♫If you’re going to San Francisco♫ … I’ll be coming along too!
Yesterday I discussed partial employment and its various pratfalls. Today I will celebrate one distinct advantage of holding short-shift Egg Timer Jobs: mobility!
Today I’m writing from a hotel room in the Financial District in San Francisco. My boyfriend has to travel up here for work semi-regularly. Ever since I self-emancipated from the draconian chains of moribund industry—i.e., gave my two weeks’ notice at Variety—I’ve been technically free to fill the days up in the manner I dictate.
As an L.A. resident of several years, I’d taken a handful of trips to San Francisco. Mostly they were Friday evening-Sunday night affairs, made possible by my humble Hyundai hatchback. The drive is about 400 miles, maybe 5-7 hours depending how you do it. You can also take the scenic route, Highway 1, and enjoy breathtaking coastal views and cute little towns. But that takes 9-10 hours, conservatively, and I’m generally nervous about car rides and loath to extend my time making them. Also, hairpin turns are my ipecac, so I’ve never taken this route. I’ve made the trip a few times, but two standout bad experiences soured me. One, my fault: I stopped to fill my car up with gas, but used diesel instead of regular, necessitating a tow, drainage and multi-hour delay. Two, a big rig filled with noxious fumes overturned on the highway, blocking every lane and slowing traffic down to what I could swear was a backwards pace. So I wrote off the exhausting and often problematic quick leisure trip to San Francisco.
Fast-forward to now: I’m older and wiser. My “urpy reflex,” like Miley Cyrus circa 2010, can’t be tamed. (“Urping” is my grandmother’s endearing term for projectile vomiting.) I’ve also entered a period of psychological penury due to leaving my regular job/paycheck. All these things seem to suggest I’d be hunkered down in L.A., and yet this is my third trip up here in six months!
The difference is that I signed up for a British Airways credit card on a whim. Well, not a whim—they were offering a signing bonus of 100,000 miles. Pretty magnanimous, right? I opened the card a few months before a planned trip to London, so I figured I could use the miles to chip away at the cost of getting to LHR. Ha! Turns out London has sky-high air travel duties. The second most expensive in the entire world! (Chad is #1.) That means you can spend the miles for your ticket, but still have to pay hundreds or even thousands of dollars in fees on top. Naturally I didn’t spend a red mile on that trip!
Luckily, it turns out BA has some unusual and forgiving domestic rates. If you can manage to stay inside one country—and it doesn’t have to be Britain—you can get roundtrip airfares for 9,000 miles and $5. Steal! So … divide my 100,000 miles by 9,000 and you can see where these San Francisco tag-along trips are coming from.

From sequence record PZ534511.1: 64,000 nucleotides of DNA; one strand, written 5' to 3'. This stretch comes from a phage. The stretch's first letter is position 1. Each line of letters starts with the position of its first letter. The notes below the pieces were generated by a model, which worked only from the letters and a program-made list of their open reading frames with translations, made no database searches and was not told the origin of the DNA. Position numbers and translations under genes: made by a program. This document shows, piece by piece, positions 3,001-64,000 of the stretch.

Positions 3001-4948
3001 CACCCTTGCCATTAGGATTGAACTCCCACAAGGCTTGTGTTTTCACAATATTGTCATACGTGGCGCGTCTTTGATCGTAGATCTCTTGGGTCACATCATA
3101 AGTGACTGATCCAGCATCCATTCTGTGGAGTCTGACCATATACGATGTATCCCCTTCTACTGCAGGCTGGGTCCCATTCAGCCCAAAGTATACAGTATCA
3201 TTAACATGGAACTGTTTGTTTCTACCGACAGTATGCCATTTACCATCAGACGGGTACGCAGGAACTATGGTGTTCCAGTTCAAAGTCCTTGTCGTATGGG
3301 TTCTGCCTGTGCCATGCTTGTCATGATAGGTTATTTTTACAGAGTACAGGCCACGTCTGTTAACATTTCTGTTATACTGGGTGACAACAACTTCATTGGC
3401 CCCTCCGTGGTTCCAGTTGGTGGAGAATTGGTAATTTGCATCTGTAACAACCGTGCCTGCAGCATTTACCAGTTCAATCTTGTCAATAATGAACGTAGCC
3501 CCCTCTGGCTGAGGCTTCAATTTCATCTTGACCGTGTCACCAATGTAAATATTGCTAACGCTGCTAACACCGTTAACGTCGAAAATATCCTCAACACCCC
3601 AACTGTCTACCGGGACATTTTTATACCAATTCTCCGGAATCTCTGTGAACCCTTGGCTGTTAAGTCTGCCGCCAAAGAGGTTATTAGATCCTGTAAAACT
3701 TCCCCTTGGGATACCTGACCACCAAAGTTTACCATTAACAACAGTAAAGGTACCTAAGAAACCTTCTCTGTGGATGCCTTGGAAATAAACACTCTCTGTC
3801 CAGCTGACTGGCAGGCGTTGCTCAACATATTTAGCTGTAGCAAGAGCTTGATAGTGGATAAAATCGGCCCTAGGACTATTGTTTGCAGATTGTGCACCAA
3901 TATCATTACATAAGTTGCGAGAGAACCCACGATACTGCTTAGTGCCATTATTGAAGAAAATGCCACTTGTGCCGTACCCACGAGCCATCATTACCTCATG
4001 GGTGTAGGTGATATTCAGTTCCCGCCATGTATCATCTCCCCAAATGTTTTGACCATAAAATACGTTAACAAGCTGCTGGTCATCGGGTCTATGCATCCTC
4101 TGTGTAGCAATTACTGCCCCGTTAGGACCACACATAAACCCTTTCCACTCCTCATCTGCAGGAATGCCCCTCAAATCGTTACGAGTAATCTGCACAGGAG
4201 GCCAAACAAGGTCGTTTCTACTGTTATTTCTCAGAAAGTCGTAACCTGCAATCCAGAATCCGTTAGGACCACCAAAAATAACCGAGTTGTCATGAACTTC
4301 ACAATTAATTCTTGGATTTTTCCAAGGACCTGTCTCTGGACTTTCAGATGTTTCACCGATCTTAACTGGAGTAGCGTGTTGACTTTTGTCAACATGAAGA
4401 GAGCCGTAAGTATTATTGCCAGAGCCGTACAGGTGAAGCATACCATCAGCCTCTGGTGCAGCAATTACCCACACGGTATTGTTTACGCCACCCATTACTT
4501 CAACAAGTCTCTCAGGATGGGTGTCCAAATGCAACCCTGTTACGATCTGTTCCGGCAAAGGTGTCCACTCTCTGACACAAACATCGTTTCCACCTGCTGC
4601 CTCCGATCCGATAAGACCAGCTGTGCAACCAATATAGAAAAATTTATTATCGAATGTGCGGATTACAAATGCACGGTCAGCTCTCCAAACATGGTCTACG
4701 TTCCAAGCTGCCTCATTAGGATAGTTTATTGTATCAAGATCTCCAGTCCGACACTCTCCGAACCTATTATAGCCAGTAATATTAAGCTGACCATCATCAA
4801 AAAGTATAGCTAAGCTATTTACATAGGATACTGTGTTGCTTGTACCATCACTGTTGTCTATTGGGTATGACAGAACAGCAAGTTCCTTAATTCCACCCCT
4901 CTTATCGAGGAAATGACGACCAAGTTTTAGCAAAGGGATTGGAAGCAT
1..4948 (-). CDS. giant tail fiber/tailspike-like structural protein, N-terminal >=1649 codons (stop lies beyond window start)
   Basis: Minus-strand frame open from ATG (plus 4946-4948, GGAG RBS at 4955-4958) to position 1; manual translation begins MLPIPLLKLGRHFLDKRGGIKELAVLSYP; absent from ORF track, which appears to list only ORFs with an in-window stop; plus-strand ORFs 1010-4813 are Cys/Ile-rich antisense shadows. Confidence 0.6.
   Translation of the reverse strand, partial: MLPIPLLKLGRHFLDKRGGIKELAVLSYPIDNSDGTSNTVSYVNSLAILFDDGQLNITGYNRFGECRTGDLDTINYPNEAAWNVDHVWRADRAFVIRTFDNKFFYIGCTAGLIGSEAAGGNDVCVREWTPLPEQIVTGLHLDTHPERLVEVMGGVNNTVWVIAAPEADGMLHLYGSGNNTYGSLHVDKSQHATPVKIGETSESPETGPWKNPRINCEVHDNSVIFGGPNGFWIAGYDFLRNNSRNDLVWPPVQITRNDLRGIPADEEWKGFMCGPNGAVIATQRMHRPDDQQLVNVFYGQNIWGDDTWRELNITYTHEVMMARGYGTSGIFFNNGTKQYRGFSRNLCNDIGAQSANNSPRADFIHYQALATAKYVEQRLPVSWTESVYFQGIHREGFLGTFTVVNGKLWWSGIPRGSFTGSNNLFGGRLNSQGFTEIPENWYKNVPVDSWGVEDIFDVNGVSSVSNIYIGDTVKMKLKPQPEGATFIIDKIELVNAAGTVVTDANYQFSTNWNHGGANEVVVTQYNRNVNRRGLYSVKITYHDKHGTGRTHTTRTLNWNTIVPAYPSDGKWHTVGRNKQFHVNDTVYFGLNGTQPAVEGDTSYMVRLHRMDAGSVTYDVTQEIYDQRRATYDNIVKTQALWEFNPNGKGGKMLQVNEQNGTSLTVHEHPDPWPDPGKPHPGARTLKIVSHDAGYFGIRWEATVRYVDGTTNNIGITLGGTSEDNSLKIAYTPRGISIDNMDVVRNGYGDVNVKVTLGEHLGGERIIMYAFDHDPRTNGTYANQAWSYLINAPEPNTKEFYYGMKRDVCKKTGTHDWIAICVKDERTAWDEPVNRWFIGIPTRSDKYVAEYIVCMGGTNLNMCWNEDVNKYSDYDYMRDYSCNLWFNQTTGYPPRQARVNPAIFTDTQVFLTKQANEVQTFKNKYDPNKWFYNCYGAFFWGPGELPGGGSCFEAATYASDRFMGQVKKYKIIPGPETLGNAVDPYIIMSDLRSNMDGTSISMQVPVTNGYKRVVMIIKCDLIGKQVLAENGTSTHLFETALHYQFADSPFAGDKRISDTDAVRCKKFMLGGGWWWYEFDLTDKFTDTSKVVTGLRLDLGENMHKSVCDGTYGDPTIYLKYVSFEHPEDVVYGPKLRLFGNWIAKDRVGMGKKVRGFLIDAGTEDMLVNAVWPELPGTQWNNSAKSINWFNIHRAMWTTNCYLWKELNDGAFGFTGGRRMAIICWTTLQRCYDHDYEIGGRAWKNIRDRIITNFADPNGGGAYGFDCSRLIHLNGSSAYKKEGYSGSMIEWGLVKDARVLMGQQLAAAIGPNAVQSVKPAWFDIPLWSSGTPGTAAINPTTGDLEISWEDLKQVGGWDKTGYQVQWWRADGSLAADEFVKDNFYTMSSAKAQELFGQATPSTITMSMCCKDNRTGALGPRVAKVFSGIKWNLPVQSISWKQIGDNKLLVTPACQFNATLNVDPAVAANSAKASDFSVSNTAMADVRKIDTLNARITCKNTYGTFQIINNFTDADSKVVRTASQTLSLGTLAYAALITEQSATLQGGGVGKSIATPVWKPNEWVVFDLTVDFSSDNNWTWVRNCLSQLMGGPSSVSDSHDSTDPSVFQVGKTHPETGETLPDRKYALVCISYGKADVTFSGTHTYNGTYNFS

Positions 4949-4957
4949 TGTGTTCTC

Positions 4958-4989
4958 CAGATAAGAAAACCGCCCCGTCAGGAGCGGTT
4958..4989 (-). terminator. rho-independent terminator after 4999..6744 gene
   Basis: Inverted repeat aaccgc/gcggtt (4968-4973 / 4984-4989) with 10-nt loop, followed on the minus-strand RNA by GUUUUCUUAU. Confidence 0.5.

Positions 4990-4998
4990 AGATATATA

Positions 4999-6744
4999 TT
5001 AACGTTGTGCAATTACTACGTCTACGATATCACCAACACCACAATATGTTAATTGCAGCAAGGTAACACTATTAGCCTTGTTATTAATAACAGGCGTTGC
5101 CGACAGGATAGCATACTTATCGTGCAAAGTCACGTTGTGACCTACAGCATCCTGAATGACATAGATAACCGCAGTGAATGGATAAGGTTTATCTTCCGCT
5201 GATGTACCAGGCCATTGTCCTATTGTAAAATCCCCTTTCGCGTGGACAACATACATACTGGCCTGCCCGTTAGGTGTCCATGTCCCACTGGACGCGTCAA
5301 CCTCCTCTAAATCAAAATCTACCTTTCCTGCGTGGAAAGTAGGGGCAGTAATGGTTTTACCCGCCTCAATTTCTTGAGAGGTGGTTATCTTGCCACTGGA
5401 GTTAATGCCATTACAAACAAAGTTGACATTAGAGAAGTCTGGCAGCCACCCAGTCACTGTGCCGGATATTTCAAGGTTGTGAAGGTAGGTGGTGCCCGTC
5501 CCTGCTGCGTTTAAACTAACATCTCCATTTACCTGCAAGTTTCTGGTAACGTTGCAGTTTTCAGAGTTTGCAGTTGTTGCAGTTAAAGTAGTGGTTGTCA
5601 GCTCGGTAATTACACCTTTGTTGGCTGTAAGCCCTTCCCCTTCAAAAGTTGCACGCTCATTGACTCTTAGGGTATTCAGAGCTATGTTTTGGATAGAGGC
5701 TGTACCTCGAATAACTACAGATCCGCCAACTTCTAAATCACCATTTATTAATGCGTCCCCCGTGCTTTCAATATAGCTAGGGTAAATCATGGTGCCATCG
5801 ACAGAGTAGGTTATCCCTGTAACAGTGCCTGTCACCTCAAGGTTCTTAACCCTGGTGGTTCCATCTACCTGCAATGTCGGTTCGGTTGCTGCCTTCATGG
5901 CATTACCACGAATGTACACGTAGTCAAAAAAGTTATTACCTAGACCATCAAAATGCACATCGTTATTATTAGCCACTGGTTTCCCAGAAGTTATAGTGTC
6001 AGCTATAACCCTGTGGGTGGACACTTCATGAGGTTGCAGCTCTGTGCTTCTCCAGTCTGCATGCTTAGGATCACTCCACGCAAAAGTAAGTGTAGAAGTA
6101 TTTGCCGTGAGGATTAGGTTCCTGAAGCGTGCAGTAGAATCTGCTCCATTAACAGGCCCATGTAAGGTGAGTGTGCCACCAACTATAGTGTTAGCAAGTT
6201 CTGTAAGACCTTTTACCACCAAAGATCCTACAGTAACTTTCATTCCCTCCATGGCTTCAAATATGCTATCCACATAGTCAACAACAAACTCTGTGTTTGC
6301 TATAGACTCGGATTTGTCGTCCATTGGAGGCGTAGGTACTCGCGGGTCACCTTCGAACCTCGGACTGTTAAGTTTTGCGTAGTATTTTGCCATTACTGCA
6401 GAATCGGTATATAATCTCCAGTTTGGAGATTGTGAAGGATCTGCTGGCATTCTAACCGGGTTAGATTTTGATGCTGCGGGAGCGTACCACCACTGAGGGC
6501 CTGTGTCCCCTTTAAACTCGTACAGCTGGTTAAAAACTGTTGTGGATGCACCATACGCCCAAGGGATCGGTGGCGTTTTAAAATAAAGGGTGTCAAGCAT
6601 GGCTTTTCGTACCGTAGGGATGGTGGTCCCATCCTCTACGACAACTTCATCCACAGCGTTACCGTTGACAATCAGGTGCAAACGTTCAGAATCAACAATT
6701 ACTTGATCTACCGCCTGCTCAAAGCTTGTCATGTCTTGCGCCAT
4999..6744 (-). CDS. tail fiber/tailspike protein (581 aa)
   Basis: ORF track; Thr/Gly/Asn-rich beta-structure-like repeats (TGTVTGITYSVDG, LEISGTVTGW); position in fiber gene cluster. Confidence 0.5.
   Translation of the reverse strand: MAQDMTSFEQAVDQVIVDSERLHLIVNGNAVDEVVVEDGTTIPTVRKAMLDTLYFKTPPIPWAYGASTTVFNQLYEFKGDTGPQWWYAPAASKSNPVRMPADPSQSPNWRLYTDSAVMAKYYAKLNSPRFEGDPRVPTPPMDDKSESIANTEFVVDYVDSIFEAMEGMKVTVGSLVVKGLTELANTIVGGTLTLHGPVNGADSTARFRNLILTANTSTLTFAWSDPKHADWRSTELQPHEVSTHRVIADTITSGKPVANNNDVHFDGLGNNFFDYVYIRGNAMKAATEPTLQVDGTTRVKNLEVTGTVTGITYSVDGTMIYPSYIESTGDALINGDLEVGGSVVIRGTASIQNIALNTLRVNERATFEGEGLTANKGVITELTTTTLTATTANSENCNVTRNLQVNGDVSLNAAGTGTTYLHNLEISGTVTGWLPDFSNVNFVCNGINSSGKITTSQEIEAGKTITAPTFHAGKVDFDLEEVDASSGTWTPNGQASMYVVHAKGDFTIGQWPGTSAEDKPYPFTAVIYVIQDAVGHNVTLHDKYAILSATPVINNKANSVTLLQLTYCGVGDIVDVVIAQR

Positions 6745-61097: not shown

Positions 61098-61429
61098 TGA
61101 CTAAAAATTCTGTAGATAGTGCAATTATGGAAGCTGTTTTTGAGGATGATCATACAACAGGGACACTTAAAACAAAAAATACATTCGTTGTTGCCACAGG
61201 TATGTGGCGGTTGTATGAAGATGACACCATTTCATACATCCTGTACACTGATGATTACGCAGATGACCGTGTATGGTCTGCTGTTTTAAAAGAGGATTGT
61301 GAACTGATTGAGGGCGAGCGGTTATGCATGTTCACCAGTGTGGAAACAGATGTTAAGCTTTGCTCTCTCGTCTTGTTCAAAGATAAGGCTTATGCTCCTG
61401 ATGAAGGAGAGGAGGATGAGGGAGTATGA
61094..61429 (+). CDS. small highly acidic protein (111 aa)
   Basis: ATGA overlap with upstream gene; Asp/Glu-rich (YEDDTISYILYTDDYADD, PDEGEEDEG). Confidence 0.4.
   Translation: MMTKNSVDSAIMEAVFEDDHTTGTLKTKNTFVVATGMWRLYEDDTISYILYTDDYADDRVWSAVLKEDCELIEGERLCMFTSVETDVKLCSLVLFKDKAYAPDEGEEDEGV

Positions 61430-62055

Unfortunately for my poor boyfriend, having me bouncing around unfettered by pressing obligations is probably an extra annoyance. He’s been very kind and understanding about my presence. I have two sisters and we all went on a lot of family trips in close quarters, so I definitely understand the inevitable roiling feelings of “OMG I love you but GET! AWAY!”
Also, I caught a dreaded summer cold, which I seem to have passed to him. Double oops! Put it on British Airways’ tab.
I’ll share more about the jaunts, meetups and experiences shortly. But for now here are some amuse-bouches:
1. In SoMa, a man sprinted out of an empty warehouse and asked me if I wanted to “help out a local startup.” Is this normal? Was the startup his penis? When I gave no reaction, he said, “We’re paying people to taste test!” OK, he got my attention with “paying.” I didn’t stick around to ask how many shekels I’d be rewarded with for sampling his array of chloroforms.
2. Lovely houses! This is Pacific Heights, where I traipsed en route to meet an old friend. BART schmart! As an L.A. resident, I relish the opportunity to walk and absorb the architecture, shops and street culture. I overheard a woman bossily explain to her boyfriend that “lotta different shades and shapes of discharge be comin’ outcha pussy before the period.” The discharge matches the houses?
3.I got to see one of my oldest rivals, and now one of my closest friends, in his new natural milieu. David and I are from the same town in Georgia, and squared off frequently on the cutthroat middle school academic bowl circuit. We went to the same high school together and crossed paths in band, debate, state literary competition, Science Olympiad (actually, I was rudely booted from the team by a cantankerous curmudgeon who allegedly/probably felt up his colleagues behind the emergency eye wash station, but nevermind), etc. Competition gradually gave way to collaboration, especially when we ended up going to college together.
Fresh out of Harvard Medical School, he’s slogging through a grueling residency at SFGH. We swapped tales of our latest career challenges: he, pronouncing the death of a patient for the first time; I, crafting the perfect indoor cycling playlist. We’ve come a long way from Augusta, Ga. … geographically, at least. More on this conversation in another post.